It’s a strange business. I buy 95% of the books I buy as trade paperbacks, i.e., soft covers, and I suspect most people do too. Book clubs lean very strongly toward soft cover, so there’s this whole market you don’t tap when you launch in hard cover. It’s like delaying your true sales for a year after your debut. But, on the other hand, certain reviews and foreign rights sales are indeed easier if you debut in hard cover. And there is the additional advantage a two-tiered launch gives a book two chances to find an audience. Love in Mid Air came out in March, 2010 and a lot is happening now. When the soft cover comes out in March 2011 there will be another little publicity shove.
What role do women friends play in this book?
A huge role. Elyse is in a book club in the book and this circle of women who are brought together through the facts that they live in the same neighborhood, go to the same church, have kids the same age, etc., is a large part of her life. In some ways, the key relationship in the book isn’t the one Elyse has with her husband or her lover – it’s the relationship with her longtime best friend Kelly, who sees her careening toward danger and tries to talk her out of it. I’m currently working on the sequel to Love in Mid Air, and it will move the women ten years down the road, to where they’re almost 50. And this time the story will be told from Kelly’s point of view.
Here's an excerpt about Elyse and her friends:
It's one o'clock before I look up. I'll be a little late for the daily walk, but one of us is often late and the others all know that things can happen, that no one's schedule is entirely within her own control, We have agreed that whoever arrives first will just start and let the others join in or drop out on their own pace. It's one of the advantages of walking in a circle.
Yeah, Kelly and Nancy and Belinda are all there when I arrive. I park the car and wave at them, but they don't see me, and I stand there on the hill above the elementary school track and watch them. Kelly is leading slightly as she often does, glancing back at the others as she talks. She could walk much faster if she wanted. In fact, she could run. But what would be the point of that?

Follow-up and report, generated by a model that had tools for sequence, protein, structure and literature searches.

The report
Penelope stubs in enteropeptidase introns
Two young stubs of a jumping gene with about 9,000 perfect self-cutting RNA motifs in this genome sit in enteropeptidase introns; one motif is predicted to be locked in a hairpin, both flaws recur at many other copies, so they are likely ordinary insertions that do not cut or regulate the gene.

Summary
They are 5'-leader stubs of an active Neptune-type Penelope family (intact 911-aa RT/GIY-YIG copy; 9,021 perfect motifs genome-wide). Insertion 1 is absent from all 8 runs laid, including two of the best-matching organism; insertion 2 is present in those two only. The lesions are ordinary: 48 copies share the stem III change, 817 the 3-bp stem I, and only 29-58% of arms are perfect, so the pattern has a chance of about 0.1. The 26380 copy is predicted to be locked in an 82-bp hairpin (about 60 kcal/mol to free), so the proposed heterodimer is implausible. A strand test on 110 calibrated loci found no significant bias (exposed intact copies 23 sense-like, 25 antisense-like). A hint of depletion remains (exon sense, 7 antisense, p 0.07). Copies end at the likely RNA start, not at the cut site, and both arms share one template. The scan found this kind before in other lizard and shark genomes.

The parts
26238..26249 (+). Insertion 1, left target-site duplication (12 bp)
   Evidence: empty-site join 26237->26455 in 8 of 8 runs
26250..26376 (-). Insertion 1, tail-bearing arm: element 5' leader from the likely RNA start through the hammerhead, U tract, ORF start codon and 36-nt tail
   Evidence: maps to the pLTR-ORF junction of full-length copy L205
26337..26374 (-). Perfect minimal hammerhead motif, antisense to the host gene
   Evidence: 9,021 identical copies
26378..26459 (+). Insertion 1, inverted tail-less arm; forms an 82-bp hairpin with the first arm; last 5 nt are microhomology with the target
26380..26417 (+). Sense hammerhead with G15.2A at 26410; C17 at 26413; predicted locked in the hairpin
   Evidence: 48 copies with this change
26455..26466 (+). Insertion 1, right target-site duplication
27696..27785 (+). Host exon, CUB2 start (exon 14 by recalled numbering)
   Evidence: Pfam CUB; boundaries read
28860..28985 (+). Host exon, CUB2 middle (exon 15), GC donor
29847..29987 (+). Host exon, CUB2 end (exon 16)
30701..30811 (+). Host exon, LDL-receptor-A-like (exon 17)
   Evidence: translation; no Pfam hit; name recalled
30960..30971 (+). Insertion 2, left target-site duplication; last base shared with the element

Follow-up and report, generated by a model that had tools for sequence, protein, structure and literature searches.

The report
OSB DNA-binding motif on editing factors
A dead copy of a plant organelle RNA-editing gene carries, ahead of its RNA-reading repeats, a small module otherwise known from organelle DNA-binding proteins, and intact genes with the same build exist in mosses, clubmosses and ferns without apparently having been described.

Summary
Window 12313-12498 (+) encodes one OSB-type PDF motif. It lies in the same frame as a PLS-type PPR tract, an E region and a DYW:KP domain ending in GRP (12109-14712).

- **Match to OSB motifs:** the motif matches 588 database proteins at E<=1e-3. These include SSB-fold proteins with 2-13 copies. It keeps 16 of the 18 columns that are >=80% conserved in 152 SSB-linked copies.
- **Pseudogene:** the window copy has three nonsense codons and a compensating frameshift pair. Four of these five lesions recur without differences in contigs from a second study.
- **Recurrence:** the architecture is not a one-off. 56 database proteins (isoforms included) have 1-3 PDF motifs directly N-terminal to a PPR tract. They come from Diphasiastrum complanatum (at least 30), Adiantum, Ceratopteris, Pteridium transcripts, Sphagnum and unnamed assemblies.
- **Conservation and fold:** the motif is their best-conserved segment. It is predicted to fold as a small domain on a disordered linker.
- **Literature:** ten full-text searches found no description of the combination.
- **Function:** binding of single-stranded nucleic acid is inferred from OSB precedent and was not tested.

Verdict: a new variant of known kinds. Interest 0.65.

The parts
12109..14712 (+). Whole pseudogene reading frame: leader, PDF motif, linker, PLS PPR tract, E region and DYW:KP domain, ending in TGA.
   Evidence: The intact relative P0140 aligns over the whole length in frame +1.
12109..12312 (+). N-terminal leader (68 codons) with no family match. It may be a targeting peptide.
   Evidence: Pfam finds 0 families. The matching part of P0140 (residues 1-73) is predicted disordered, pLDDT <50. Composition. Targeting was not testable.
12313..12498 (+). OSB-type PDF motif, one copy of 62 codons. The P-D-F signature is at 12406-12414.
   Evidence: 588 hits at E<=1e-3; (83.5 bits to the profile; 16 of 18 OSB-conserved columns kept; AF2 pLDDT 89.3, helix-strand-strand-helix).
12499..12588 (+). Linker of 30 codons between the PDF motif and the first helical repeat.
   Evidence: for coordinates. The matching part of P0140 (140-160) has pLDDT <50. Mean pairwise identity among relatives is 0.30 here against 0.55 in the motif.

Because it really isn't about walking, it's about talking. Our here, in the suburbs, we live and die by our friends. There may have been a time when it would've surprised me to realize that nearly every woman I know is someone I met through my church, that the highlight of my day is meeting them at one o'clock to walk for an hour before we pick up our kids. But I'm over that by now. I can't afford to think about it. I need these women too much. I begin picking my way down the damp overgrown grass. Over the years we've shared secrets and toys, passing down car seats and strollers and cribs as the kids grew older, taking turns keeping them so that we can occasionally get a free afternoon. Once, in a dreadful pinch, I ever nursed Belinda's sobbing daughter when I couldn't find a bottle, although it makes me feel strange to say that, as if even our bodies are interchangeable.
We have a running joke that some Sunday we should all go home from church with the wrong husbands. We debate how long it would take them to notice, but the truth is I'm not sure we would notice either. We're too busy, the details of our lives wrap around us like cotton, and we meet almost every afternoon at the track, trying to walk off the weight from the baby, trying to walk off the weight from the baby who's now in second grade, trying to get down to 130 or 140 or something decent. We're always moving, more like nomads than housewives, circling the drop-off for preschool, pulling around to load the groceries, hitting the drive-thru and passing back chicken nuggets one at a time at stoplights, running the middle one to soccer and the oldest one to the orthodontist, putting in sheets and taking out towels, spinning in the cyclic world of women.
For more about Kim and the book, visit her website.
Kim's giving away a copy of Love in Mid Air, so tell us about your women friends or your own longterm projects. Do you have particular women friends (or men friends if you're a guy) who share your interests or who've been there during rough times? Have you ever worked at a project for a long time before feeling you'd succeeded?